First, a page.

The overhand is what the name implies – it is a punch you throw over the hands of your opponent to hit them in the head. Sometimes pulling or pushing your opponents hands down on the strike. The rest of the punches flow and follow on from the overhand right to turn it into a little combination for you to practice.
Gaps are often open in opponents guard presenting striking opportunities. Uppercuts strike underneath the jaw, an area that is often open but quite difficult to hit as it requires you to get in close. Uppercuts are also often performed incorrectly which open you to being hit by removing your defense.
The right hook is an underrated boxing punch that has a lot of potential and power but it is quite difficult to execute. Therefore it is a punch that should not be excluded from your training – it may not work for some people as everyone has their signature punches but I still encourage drilling and practicing it.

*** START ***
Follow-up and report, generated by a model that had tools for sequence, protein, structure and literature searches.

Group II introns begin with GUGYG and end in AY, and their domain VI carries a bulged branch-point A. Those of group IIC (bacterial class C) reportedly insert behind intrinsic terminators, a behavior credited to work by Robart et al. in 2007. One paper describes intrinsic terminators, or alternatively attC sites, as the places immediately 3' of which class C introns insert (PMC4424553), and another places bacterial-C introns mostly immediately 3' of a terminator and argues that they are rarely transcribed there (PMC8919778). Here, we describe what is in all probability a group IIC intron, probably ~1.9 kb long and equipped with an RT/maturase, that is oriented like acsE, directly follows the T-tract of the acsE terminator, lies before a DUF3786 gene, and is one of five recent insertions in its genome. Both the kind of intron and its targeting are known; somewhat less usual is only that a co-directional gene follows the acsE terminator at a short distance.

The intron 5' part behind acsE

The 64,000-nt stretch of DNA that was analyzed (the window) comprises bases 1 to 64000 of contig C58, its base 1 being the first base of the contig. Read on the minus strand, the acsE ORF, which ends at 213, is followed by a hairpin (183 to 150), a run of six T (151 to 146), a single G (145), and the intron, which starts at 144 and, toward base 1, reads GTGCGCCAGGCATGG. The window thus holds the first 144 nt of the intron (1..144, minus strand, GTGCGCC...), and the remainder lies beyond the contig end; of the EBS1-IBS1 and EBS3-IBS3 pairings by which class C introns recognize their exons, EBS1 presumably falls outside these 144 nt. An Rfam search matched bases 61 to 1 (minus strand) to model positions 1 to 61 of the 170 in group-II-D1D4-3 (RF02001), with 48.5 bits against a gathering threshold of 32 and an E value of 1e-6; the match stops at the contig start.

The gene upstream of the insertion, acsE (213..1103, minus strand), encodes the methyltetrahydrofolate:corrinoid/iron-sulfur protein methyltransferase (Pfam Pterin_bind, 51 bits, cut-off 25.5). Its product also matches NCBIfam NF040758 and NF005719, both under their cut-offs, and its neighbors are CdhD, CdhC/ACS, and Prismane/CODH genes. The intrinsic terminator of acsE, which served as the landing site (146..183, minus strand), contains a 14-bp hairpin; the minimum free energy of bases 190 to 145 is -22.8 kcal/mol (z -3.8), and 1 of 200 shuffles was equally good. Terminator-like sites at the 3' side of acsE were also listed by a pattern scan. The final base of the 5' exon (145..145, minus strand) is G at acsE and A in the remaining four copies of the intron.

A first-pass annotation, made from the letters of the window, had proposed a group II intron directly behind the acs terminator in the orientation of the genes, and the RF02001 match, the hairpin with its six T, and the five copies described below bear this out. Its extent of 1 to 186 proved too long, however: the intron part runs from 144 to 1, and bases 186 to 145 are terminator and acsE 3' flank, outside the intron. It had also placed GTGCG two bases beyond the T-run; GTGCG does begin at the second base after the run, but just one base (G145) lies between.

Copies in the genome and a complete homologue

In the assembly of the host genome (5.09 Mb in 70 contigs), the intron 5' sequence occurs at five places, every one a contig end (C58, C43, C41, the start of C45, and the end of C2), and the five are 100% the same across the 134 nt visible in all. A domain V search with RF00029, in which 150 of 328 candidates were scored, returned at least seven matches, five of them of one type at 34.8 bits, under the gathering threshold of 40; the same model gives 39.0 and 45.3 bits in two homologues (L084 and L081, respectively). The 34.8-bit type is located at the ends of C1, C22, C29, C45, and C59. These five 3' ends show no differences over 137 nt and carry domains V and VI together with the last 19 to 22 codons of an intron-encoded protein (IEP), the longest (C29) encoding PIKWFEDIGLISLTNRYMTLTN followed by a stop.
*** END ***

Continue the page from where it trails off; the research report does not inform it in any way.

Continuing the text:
Boxing combinations flow from one hit into another as your body’s weight shifts. In this case we are not going to throw a hit from the opposing arm following the first left hook. We are instead going to quickly reload the left hook and fire again as if the first hook lands and the opportunity is still open.
After learning the straight jab and back hand we next learn how to throw the left hook. Adding the left hook also teaches you how to transfer your body weight so that you may flow with your punches, linking them together to form combinations. In this tutorial we use the basic 1232 combo as an introduction.
If you stand too close your opponent can hit you whereas if you stand too far you will need to take multiple steps before you can strike your opponent. This tutorial will help you find the optimal distance to stand from the bag or your opponent and teach you how to maximize your punch range by extending your arms.